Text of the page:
Classic Clamato Michelada Recipe

The michelada, some say, dates back to the early 20th century, while others claim it only goes back as far as the 1960s. No matter its provenance, this simple beer cocktail is still pretty popular in both its native Mexico and the U.S. While developer Julianne De Witt admits that "there are a few different versions of this recipe," including variations made with tomato juice, bloody Mary mix, or simply beer, lime juice, and hot sauce, she likes to make hers with the slightly briny Clamato.

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"This drink," she says of her creation, "is refreshing, thirst-quenching, and customizable to taste," adding that you can play with the ingredients as you wish to achieve what she calls "that perfect personal blend of salty and spicy." All of the ingredients — the seasonings, juices, hot sauce, and yes, even the beer — can be changed up to fit your mood, the occasion, or what you have in the refrigerator.

Collect the ingredients for this classic Clamato michelada

De Witt makes these micheladas from Clamato, lime juice, Tabasco, Worcestershire sauce, and a Mexican lager beer. She also uses ice cubes to chill the drinks and pours them into glasses rimmed with Tajin.

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Step 1: Prepare the limes

Juice one lime and cut the other lime into wedges.

Step 2: Sprinkle the Tajin on a plate

Place Tajin on a small plate, covering the bottom.

Step 3: Moisten the glass rims with a lime wedge

Rim two glasses with a lime wedge.

Step 4: Rim the glasses with Tajin

Dip the rims into the Tajin.

Step 5: Drop the ice into the glasses

Fill the glasses with ice.

Step 6: Pour the lime juice, Tabasco, and Worcestershire into the glasses

Divide the lime juice between glasses, then add a couple of shakes of Tabasco and Worcestershire sauce, or more to taste.

Step 7: Add the Clamato

Divide the Clamato juice between glasses.

Step 8: Pour in the beer

Top with beer and stir.

What are some ingredient swaps that could work in this classic Clamato michelada?

Possible change-ups in this recipe start with rimming the glass. De Witt suggests that "salt and chili powder can be used in place of Tajin," and you could also go with lemon juice instead of lime. Tabasco isn't the only hot sauce you could use, either, since you could also opt for a Mexican-style sauce like Tapatio or Cholula or a Louisiana one like Frank's RedHot or Crystal. As far as De Witt is concerned, "Any hot sauce will do," so even a fruity habanero one could work if you want some sweet heat.

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While De Witt likes to use Mexican beer here, listing off Corona, Dos Equis, Modelo, or Pacifico as possible options, you can also go with a domestic lager — after all, both Bud Light and Bud Heavy sell their own canned Clamato cheladas. You could also opt for a non-alcoholic beer to make micheladas that are guaranteed to be hangover-free.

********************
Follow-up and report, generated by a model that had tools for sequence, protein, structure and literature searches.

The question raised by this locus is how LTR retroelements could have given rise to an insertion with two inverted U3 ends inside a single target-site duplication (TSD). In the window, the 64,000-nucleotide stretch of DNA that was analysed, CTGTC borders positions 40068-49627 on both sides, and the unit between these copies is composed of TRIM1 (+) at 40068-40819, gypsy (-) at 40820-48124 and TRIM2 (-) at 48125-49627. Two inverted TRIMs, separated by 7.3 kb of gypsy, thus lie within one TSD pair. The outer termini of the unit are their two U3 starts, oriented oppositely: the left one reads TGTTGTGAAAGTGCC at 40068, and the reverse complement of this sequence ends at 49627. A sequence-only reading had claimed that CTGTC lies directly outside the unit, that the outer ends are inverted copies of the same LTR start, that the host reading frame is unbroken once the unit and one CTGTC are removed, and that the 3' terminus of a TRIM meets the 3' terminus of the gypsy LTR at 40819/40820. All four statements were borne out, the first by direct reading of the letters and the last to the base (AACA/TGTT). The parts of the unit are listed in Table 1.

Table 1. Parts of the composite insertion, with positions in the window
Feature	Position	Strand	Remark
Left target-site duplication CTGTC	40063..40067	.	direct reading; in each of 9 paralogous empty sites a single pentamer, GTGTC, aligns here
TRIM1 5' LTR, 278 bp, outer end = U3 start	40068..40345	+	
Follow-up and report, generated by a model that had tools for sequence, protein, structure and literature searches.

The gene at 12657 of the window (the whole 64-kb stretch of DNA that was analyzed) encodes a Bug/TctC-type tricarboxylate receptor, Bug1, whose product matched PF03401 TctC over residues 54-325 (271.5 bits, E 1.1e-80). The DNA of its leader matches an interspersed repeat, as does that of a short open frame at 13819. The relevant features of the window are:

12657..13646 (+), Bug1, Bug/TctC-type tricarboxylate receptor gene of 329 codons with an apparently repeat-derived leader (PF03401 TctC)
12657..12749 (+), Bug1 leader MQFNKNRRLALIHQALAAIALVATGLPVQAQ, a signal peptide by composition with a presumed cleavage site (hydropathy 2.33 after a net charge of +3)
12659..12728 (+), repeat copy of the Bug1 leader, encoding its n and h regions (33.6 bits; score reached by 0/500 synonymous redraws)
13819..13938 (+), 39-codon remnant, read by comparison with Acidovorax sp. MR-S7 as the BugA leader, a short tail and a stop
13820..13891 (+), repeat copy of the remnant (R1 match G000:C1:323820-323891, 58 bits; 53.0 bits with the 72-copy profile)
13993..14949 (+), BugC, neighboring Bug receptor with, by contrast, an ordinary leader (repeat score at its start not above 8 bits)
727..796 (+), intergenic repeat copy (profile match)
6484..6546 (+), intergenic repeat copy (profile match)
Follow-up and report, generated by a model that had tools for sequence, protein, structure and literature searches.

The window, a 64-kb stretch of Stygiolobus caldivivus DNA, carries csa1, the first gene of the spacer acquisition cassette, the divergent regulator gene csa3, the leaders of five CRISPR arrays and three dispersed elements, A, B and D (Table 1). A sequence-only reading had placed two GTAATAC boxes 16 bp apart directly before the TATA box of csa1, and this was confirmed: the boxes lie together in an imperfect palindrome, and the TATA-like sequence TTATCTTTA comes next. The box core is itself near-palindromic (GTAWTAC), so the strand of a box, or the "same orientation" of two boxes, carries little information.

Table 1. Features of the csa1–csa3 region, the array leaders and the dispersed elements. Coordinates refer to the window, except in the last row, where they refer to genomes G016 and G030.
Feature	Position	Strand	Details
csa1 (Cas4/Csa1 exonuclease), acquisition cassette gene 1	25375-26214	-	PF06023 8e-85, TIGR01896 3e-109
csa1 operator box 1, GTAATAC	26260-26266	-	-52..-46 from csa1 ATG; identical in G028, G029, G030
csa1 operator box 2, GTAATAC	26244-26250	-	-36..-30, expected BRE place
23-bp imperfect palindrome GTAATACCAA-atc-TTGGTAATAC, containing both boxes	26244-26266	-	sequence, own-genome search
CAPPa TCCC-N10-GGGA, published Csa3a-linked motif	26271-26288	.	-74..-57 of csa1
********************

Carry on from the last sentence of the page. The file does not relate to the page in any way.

What foods go well with this classic Clamato michelada?

If you're looking for a little nibble to go with your Clamato michelada, De Witt suggests that it "pairs well with your favorite Mexican dish" and lists ceviche, chips and guacamole, and tacos as possible partners. She also mentions that she thinks it tastes great with "any dish with smoky chipotles."

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We do have a chiles rellenos recipe that might work well with these micheladas if you want to stick with the Mexican food theme, but this isn't the only option for a food pairing. Cheladas are essentially the same thing as beery Mary's which means they can also be used as brunch drinks and served alongside eggs, bacon, and pancakes. These spicy, beery concoctions are a natural fit with bar foods, too, and we love them with classic Buffalo wings, but they also go great with Scotch eggs, fried cheese curds, and sliders.

Classic Clamato Michelada Recipe

5 (29 ratings)

Micheladas can be made with tomato juice, bloody Mary mix, or simply beer, lime juice, and hot sauce, but this recipe features the slightly briny Clamato.

Prep Time
5
minutes
Cook Time
0
minutes
servings
2
Drinks
micheladas with lime wedges
Total time: 5 minutes

Ingredients

  • 2 limes
  • 1 tablespoon Tajin seasoning
  • Ice cubes
  • Tabasco, to taste
  • Worcestershire sauce, to taste
  • 1 cup Clamato juice
  • 1 bottle of Mexican lager

Directions

  1. Juice one lime and cut the other lime into wedges.
  2. Place Tajin on a small plate, covering the bottom.
  3. Rim two glasses with a lime wedge.
  4. Dip the rims into the Tajin.
  5. Fill the glasses with ice.
  6. Divide the lime juice between glasses, then add a couple of shakes of tabasco and Worcestershire sauce, or more to taste.
  7. Divide the Clamato juice between glasses.
  8. Top with beer and stir.
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